Duran Duran promises to be “a great show” with songs from latest album as well as all the classics

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During the course of a hugely successful career spanning more than 40 years, pop group Duran Duran have played in most of Yorkshire’s major venues.

But this summer they will be breaking new ground with a concert at The Piece Hall in Halifax.

Drummer Roger Taylor says the band, whose long run of hits includes The Reflex, Is There Something I Should Know, Hungry Like the Wolf and Girls on Film, are “really looking forward” to the show. “The few shows we did last year I’ve got to say the audiences were incredible, particularly in Scarborough,” he says.

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As Taylor notes, elaborate productions have always been Duran Duran’s “thing”, and they won’t be stinting on spectacle at these two concerts. “To have great visuals, great lights, great screens, we’ve always been very interested in the aesthetic side of the show, so these will be pretty stunning,” says the 62-year-old.

Duran Duran.Duran Duran.
Duran Duran.

With a set that includes songs from the band’s latest album, Future Past, which reached Number Three in the UK charts last year, as well as “all the classics”, it will be “a great show”, he says.

Future Past has been widely hailed as a creative rebirth for the band, who formed in Birmingham in 1978, but Taylor suggests the process had begun with their 2011 album All You Need Is Now. “I think it goes back to (producer) Mark Ronson,” he says. “He was the first one who made us feel that we needed to make peace with ourselves.

“We’d been running down all these different avenues trying to reinvent the sound of the band, and Mark was the first one that came along and said, ‘You guys need to sound a bit more like yourselves. Why don’t you go back to the way you used to record and really get back to playing together as a band, so the rhythm section can really kick through?’

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“Nick got a lot of his old analogue synths out again at that point. So I think it was kind of like a journey of self-acceptance that started with Mark Ronson on All You Need Is Now and we reached the end of the journey with this record. It took us two or three albums to really capture the energy of those early records.”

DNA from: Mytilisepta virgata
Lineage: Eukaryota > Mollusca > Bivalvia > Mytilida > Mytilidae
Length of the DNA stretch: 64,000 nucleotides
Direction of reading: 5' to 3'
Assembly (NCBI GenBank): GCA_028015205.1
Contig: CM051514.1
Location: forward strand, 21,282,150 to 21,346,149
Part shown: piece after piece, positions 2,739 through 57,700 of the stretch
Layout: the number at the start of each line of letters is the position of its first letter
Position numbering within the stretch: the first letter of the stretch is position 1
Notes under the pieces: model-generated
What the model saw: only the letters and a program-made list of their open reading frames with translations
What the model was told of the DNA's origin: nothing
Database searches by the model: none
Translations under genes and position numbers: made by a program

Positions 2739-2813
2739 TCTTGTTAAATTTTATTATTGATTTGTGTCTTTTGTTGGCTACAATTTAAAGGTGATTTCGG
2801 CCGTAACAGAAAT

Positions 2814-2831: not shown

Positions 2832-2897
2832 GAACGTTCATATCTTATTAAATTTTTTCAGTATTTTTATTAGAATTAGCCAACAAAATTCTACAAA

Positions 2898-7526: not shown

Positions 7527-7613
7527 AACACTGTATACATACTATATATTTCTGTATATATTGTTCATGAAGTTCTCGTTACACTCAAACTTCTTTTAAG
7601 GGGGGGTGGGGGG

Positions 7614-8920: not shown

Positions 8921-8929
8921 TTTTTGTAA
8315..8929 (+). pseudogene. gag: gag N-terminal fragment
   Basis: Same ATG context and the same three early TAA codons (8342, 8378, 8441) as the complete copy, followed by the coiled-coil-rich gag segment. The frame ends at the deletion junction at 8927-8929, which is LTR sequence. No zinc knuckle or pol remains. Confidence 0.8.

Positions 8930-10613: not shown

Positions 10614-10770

Singer Simon Le Bon. Photo by Kevin Winter/Getty ImagesSinger Simon Le Bon. Photo by Kevin Winter/Getty Images
Singer Simon Le Bon. Photo by Kevin Winter/Getty Images
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This time they were aided by producer Erol Alkan, who brought “so much energy” to the project. “Erol had a lot of enthusiasm, he was a big fan of the 12-inches that we used to cut particularly and he really wanted to recapture the energy of those,” Taylor says.

Former Blur guitarist Graham Coxon also brought a different sensibility to the recording sessions. “Don Brown had played on a couple of the records and John Frusciante came in as a little bit of an after-thought on the last record (Paper Gods) but it was great to have somebody from day one writing with us in the studio,” says Taylor. “He’s such a nice, humble guy, he fitted in really well, everything he played was very ‘Duran appropriate’, if you like, so I think that really shaped the record as well.”

In keeping with modern trends, Future Past features a wealth of guest artists such as rapper Ivorian Doll, Swedish singer-songwriter Tove Lo and the all-female Japanese rock band Chai.

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Again, Taylor thinks Duran Duran were ahead of the curve, recalling their 80s offshoot Arcadia. “It was one of the first albums that had featured artists on it. We had Sting on it, we had Grace Jones, Dave Gilmour came in to play with us, so we had that back in the 80s. But again, that’s something Mark Ronson pushed us towards because he’s got a very big telephone book and he can pick names out of that at will, apparently. So Mark got us back into that and I think it’s very much part of the modern way of making records.

“When you’ve been making records for as long as we have, I think it’s great to have new people coming in and younger energy. People have a different way of looking at things and bring a different sound to the record.”

Working with Giorgio Moroder, the Italian ‘father of disco’, was the realisation of a long-held dream. “The first song we ever played together was I Feel Love,” Taylor remembers. “That was the opening song at the first gig at the Rum Runner. We’ve always been indebted to Giorgio, Planet Earth is pure Giorgio Moroder, and I believe that he wanted to work with us in the 80s and we wanted to work with him but we never managed to get in the same room together because life became so busy. You couldn’t even find time to work with Giorgio Moroder, but we finally got there and it was incredible. He’s a musical genius, he really knows about arrangements and how a song should build.” Duran Duran play at The Piece Hall, Halifax on July 5.

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